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PRIMETIME: Can I legally write a story based on another writer's character?

If you're writing a retelling of Oedipus from Jocasta's perspective, you're probably safe. If you're retelling Rocky III from the point of view of Clubber Lang, you're probably not.

First of all, thank you, everybody, for all the emails with questions and comments… keep 'em coming!

Today's question comes from Gregory, who writes:

May I write something based on a character's perspective who's not the main character written by another writer? The work was written centuries ago. For example, if I write a suspense or mystery based on Sherlock Holmes' sidekick, Watson, and give the script a title that doesn't have Sherlock Holmes in it... may I do that without any legal repercussions?

Well, Gregory, I'm not a copyright lawyer—and since I don't know what you're working on, or what source material you're using, I'd recommend taking this advice with a grain of salt and consulting an actual lawyer—but the answer is probably: YES, you're in the legal clear.

Or rather, in your specific case...

You're probably in the legal clear because the work you're adapting "was written centuries ago," making it public domain. Literary works enter the public domain once their intellectual property rights expire or are forfeited (or if they were never copyrighted to begin with).

In America, almost any authorized work published before 1923 is part of the public domain (although post-1923 revisions are NOT necessarily public domain). So your centuries-old work would most almost definitely be public domain… just like almost any Sherlock Holmes story written by Arthur Conan Doyle (later stories, like Guy Ritchie's movie, which came out last winter, would probably not be public domain).

Rosencrantz and Guildenstern Are Dead poster

Tom Stoppard didn't need to acquire the stage rights to Shakespeare's characters before writing his existential comedy.

So if you're writing a retelling of Oedipus from Jocasta's perspective, you're probably safe. (This is what Tom Stoppard did when he wrote Rosencrantz and Guildenstern Are Dead, based on two minor characters in Shakespeare's Hamlet.) But if you're retelling Rocky III from Clubber Lang's perspective, you're probably not.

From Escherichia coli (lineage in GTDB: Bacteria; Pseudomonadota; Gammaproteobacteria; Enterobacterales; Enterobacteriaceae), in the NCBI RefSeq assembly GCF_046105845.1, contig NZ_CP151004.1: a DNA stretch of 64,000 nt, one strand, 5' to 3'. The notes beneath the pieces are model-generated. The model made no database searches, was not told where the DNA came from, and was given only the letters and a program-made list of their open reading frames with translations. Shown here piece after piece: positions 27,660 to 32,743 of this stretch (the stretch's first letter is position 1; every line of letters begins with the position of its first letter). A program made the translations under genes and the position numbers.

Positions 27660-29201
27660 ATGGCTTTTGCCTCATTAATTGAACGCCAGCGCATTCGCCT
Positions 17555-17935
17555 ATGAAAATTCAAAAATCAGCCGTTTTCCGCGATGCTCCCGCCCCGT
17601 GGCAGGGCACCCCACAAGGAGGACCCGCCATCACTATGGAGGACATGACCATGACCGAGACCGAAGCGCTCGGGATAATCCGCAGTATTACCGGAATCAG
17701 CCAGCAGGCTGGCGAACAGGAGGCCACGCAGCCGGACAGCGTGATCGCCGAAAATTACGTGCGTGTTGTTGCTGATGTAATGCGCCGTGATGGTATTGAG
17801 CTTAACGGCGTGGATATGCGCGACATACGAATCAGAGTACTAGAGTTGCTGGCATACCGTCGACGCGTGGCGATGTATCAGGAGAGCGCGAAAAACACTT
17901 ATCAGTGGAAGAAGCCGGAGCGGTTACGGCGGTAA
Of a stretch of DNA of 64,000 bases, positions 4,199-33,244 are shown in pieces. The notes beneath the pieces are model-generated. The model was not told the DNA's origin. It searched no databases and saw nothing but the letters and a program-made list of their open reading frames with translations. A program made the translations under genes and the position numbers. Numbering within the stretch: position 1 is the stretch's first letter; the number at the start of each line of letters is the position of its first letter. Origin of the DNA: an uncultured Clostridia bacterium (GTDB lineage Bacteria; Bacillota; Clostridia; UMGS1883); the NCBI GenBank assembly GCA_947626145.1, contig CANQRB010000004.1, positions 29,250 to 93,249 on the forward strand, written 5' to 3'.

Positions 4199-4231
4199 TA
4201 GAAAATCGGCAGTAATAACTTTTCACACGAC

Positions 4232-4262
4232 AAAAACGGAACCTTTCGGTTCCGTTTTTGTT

A great resource, if you have questions about intellectual property rights, is Cornell University's Copyright Information Center, where you can find sample copyright agreements and a wonderful chart by Peter Hirtle outlining which works are—and aren't—covered by copyright law.

When it comes to more recent properties, rules on what you can and can't use get more complicated. You obviously don't have the right to simply co-opt someone else's creations and redo them as your own version; for example, you couldn't—without permission—write your own Modern Family spinoff or your own Avatar sequel. (Or rather, you could write them… you just couldn't sell them.) But there are fair use laws protecting certain creative uses, such as parodies.

When I worked on Reality Binge, Smash Cuts, and The Wanda Sykes Show, we often made fun of clips from TV shows or movies. Sometimes we would write skits or bits commenting on the clips, even having actors portray characters from the original work. Other times we would actually re-edit, alter, or insert new people into the original clips. When doing this, we would occasionally license clips, or pay their controllers for the right to use them. More often, however, we'd exercise a fair use defense, a legal gray area claiming small portions of copyrighted materials may be used if it's in the public interest, like the news, or a satire making relevant commentary.

But again… fair use is a sticky gray area that often makes lawyers jumpy.

On both shows, our lawyers were constantly sweating, giving us case-by-case rules regarding what we could say, who we could poke fun at, etc. (E.g., we were usually allowed to make fun of commercials for low-budget cable shows… but we were never allowed to make fun of commercials for Apple or Disney. The same laws would apply to all commercials, but Apple and Disney are much more litigious companies, and when it came to legal gray areas, our lawyers didn't want to push it.)

So while I don't know what source material you're using or how you're adapting it, if it's truly hundreds of years old, you're probably safe (assuming you're not using a more contemporary version of an ancient text—like Robert Zemeckis's Beowulf, which takes liberties with the original). But if you're using something more recent, I'd check with a lawyer to see if you have—or need—any grounds for a fair use defense.

Thanks for the question, Gregory, and for the rest of you-- feel free to send more to